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Wed, Oct. 16

Bill helping Arizona Downs in simulcast battle signed by Gov. Ducey
Governor signed flurry of bills as deadline loomed

People get their bets in at opening day of Arizona Downs Friday, May 24, in Prescott Valley. (Les Stukenberg/Courier, file)

People get their bets in at opening day of Arizona Downs Friday, May 24, in Prescott Valley. (Les Stukenberg/Courier, file)

PHOENIX -- Gov. Doug Ducey on Friday inked his approval to changes in state law dealing with off-track betting.

Part of the legislation is designed to benefit Arizona Downs in Prescott Valley. It has been engaged in a feud with Turf Paradise over whether the Phoenix track has to share certain TV signals of races to OTB sites operated by the Prescott Valley track.

The new law bars those that have the simulcast signals from "anticompetitive or deceptive practice" in offering to share that signal with other racing facilities. And that specifically includes "any agreement to charge excessive or unreasonable fees for the right to receive the simulcast," with the decision of what that means left to the Arizona Racing Commission.

In essence, the legislation is designed to force Turf Paradise to offer the signals it controls to the networks operated by both Arizona Downs as well as the Rillito track in Tucson.

The same measure also eliminates a law that until now has limited the number of days Rillito can take wagers on races at other tracks when there is no live racing there.


Saying it actually will help affordable housing, Gov. Doug Ducey on Friday signed legislation that will allow landlords to evict some tenants who make only partial rent payment.

Existing Arizona law does not require landlords to accept partial payments. But a court ruling last year said blocked eviction once a landlord has accepted such payments from an outside party.

Rep. Ben Toma, R-Peoria, said the legislation simply restores the law to the way it had been interpreted prior to the ruling.

That, however, did not calm the fears of various charities and churches that provide help to some tenants when they cannot pay their rent. So the final version of the measure was amended to spell out that eviction is not an option once a landlord takes a partial payment from any faith-based organization, a community action agency program or a nonprofit entity.

Rep. Kelli Butler, D-Paradise Valley, and Sen. Juan Mendez, D-Tempe, members of the conference committee that made the changes, said they do not go far enough. They said it does not cover landlords who accept public assistance funds like Section 8 housing grants, to still accept partial payment and then proceed to evict a tenant based on claim that the contract has been breached.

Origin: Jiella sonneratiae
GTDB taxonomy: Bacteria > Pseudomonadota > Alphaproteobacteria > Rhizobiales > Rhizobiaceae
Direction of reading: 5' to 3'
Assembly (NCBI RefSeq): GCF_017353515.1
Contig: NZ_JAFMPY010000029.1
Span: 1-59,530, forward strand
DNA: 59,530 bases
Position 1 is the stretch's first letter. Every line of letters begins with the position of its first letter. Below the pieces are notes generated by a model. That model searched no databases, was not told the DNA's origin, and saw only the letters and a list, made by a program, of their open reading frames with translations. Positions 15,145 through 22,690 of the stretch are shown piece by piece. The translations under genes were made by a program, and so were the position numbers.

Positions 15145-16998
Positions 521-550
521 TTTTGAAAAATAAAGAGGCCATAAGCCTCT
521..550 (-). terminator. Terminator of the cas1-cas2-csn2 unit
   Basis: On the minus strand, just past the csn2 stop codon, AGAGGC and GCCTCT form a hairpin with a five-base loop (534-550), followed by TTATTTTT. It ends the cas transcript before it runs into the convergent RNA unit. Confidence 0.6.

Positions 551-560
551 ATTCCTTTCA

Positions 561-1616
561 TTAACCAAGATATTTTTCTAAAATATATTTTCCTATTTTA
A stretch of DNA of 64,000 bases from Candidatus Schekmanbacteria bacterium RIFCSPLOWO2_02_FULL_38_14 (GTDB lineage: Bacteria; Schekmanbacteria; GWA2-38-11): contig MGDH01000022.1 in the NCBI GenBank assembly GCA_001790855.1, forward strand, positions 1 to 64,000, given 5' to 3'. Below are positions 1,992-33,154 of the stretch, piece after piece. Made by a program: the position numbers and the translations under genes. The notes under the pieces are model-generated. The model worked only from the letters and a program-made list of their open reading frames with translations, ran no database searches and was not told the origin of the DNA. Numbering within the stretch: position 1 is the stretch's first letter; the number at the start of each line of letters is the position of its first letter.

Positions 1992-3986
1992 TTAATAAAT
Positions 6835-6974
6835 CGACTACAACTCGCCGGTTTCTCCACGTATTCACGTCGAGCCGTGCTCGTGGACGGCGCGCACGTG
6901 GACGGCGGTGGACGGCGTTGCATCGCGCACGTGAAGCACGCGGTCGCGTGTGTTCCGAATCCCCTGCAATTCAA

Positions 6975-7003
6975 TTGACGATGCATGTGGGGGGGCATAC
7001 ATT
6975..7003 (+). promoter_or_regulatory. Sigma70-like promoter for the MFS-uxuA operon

"The state of Arizona has an affordable housing crisis, and we should not be enacting legislation that exacerbates the problem," they wrote in a minority report.

Ducey, in signing the bill, did not see it that way.

He said national studies show that Arizona's current supply of affordable housing is enough to serve only about a third of those who need it.

"The bill encourages landlords to offer affordable housing and to participate in public housing assistance programs," Ducey wrote in a letter explaining his decision to sign the bill.

That mirrors arguments by Toma that landlords won't rent to tenants eligible for Section 8 housing if they fear that once they accept partial payment they won't be able to evict tenants for other violations of the lease.


Arizona's nearly 200,000 medical marijuana users will save $150 a year -- if not more -- under the terms of legislation signed Friday by the governor.

Current law requires those who have certain medical conditions to get recertified by their doctor annually to keep the state-issued card allowing them to obtain up to 2-1/2 ounces of marijuana every two weeks. That card costs $150 each time.

The new law says cards issued from now on will be good for two years. That saves not only the annual fee for the card but also the cost of an annual doctor's visit.

Another provision of the same law requires state health officials issuing licenses for new medical marijuana dispensaries to give preference to areas where the one that was located there has since moved. This is designed to limit how far patients in rural areas have to travel.

And the law sets up a process that beginning next year will require the testing of medical marijuana and products made from the plant to be tested for both impurities as well as potency.


Other bills signed Friday by the governor:

-Impose new requirements on how many votes a write-in candidate for local office must get in a primary to advance to the general election;

-Exempting fertilizers, insecticides, nutrients, and other chemicals used by commercial farmers from the state sales tax;

-Setting up a committee to study whether extra funds should be provided for programs at schools for gifted children;

-Reestablishing the Heritage Fund to finance local, regional and state parks, trails, natural areas and historic preservation projects, but with no actual state cash;

-Phasing out the lower vehicle registration fees now paid by owners of alternate fuel vehicles.

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